Throughout the year a big push came from scene heavyweights to make Dubstyle a living, breathing force within Hardstyle. Zany created a Dubstyle remix for his own event “The Great Zany Show.” Noisecontrollers added fuel to the Dubstyle fire by creating the alias Pavelow, which circulated around the concept of Dubstyle and went on to remix the 2010 Defqon.1 anthem by Wildstylez “No Time To Waste”. Q-Dance clearly saw some potential in the movement, approving the first and only Dubstyle anthem remix by Pavelow from the first year Dubstyle it came into fruition. Perhaps in the future they envisioned the Dubstyle remix as a neat addition to the usual ‘original mix’ and ‘Hardcore remix.’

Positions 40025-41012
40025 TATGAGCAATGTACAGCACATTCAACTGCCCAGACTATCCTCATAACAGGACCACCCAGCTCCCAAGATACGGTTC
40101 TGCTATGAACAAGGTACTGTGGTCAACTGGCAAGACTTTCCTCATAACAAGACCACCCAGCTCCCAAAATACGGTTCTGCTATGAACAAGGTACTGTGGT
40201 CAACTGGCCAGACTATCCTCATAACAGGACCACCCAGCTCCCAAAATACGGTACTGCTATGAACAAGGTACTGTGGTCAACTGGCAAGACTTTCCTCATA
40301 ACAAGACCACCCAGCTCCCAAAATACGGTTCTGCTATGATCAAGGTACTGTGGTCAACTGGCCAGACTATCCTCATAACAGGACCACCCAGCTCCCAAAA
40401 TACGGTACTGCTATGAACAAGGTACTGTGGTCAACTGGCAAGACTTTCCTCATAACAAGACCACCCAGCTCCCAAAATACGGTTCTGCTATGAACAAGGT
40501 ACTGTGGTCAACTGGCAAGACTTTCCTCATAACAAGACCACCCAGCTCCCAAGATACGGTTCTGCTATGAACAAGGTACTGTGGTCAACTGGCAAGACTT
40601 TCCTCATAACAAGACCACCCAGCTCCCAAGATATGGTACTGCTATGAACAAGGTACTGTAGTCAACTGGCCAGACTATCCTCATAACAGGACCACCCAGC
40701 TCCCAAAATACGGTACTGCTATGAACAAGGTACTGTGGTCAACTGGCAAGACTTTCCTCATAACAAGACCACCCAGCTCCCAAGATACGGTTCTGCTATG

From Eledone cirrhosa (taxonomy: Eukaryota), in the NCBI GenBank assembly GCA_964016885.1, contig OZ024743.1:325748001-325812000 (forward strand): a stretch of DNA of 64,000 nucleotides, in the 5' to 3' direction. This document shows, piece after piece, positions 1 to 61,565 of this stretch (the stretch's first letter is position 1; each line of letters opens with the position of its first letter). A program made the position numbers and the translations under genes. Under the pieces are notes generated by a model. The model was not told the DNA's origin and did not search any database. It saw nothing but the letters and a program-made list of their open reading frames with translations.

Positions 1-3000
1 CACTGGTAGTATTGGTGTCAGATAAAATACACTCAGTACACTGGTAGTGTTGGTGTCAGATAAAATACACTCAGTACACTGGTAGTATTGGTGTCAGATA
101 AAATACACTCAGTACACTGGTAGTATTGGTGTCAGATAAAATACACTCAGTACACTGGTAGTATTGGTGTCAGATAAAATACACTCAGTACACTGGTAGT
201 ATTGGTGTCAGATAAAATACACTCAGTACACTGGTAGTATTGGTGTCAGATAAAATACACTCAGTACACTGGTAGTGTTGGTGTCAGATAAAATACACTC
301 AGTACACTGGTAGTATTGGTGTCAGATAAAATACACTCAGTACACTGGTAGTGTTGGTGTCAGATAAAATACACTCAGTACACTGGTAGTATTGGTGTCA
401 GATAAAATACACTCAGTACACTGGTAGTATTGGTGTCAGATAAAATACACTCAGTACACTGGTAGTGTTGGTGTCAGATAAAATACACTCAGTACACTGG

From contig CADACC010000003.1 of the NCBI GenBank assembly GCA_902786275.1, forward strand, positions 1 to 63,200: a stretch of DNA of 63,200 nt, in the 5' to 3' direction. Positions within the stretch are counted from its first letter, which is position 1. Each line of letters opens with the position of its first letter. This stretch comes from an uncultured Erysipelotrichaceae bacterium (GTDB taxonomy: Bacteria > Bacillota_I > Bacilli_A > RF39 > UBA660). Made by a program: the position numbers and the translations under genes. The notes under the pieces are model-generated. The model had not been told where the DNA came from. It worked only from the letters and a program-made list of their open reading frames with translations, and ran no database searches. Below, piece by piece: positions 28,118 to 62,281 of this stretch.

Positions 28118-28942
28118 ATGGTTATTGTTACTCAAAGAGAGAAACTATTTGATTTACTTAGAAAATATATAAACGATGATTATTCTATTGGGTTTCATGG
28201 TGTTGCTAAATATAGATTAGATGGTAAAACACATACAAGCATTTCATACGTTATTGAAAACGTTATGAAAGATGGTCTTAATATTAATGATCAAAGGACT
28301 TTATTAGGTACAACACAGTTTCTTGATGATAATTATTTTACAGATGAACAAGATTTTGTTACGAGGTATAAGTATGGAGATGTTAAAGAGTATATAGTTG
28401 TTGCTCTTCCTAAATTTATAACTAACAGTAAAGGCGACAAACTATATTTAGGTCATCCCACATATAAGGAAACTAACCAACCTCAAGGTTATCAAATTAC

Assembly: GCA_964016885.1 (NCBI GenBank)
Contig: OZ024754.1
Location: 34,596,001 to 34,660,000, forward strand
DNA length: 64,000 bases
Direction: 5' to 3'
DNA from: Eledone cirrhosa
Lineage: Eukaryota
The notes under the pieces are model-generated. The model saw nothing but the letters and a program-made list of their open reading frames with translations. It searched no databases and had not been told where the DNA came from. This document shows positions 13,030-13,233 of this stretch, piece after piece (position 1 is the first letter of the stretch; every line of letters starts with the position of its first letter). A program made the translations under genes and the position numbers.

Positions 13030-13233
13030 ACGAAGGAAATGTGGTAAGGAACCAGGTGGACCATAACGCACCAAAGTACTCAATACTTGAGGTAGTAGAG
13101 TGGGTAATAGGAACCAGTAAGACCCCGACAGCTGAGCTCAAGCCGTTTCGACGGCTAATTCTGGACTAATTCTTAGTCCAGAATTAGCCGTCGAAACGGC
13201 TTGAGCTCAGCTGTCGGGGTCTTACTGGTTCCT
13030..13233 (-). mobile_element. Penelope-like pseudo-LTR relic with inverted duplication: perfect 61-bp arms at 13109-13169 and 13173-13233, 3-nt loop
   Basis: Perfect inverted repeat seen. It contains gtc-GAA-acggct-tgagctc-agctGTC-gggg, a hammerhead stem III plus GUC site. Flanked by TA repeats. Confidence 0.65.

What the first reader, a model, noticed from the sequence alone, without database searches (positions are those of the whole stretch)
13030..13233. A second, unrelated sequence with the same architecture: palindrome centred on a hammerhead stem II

Throughout the next two years various artists such Toneshifterz, Isaac, Atmozfears and The Pitcher among others either remixed or incorporated Dubstep or Dubstyle elements into their songs to varying degrees of success (don’t get me started on how jarring the “Throw A Diva” Dubstyle section is).
Now, everyone loves a good sub-genre to bash and loath or love and promote, whether it be raw Hardstyle, Euphoric Hardstyle, early Hardstyle, Nustyle, Darkstyle, Hard Drop and so on, ad nauseam. Well, hate to break it to you, but Dubstyle was certainly no different, but why don’t we see Dubstyle around in its most overt forms these days? Why isn’t a Dubstyle remix included with the release of the Defqon.1 Anthem? Why are there no huge, whippy, black fringes on the heads of Hard Driver, Ran-D and Radical Redemption?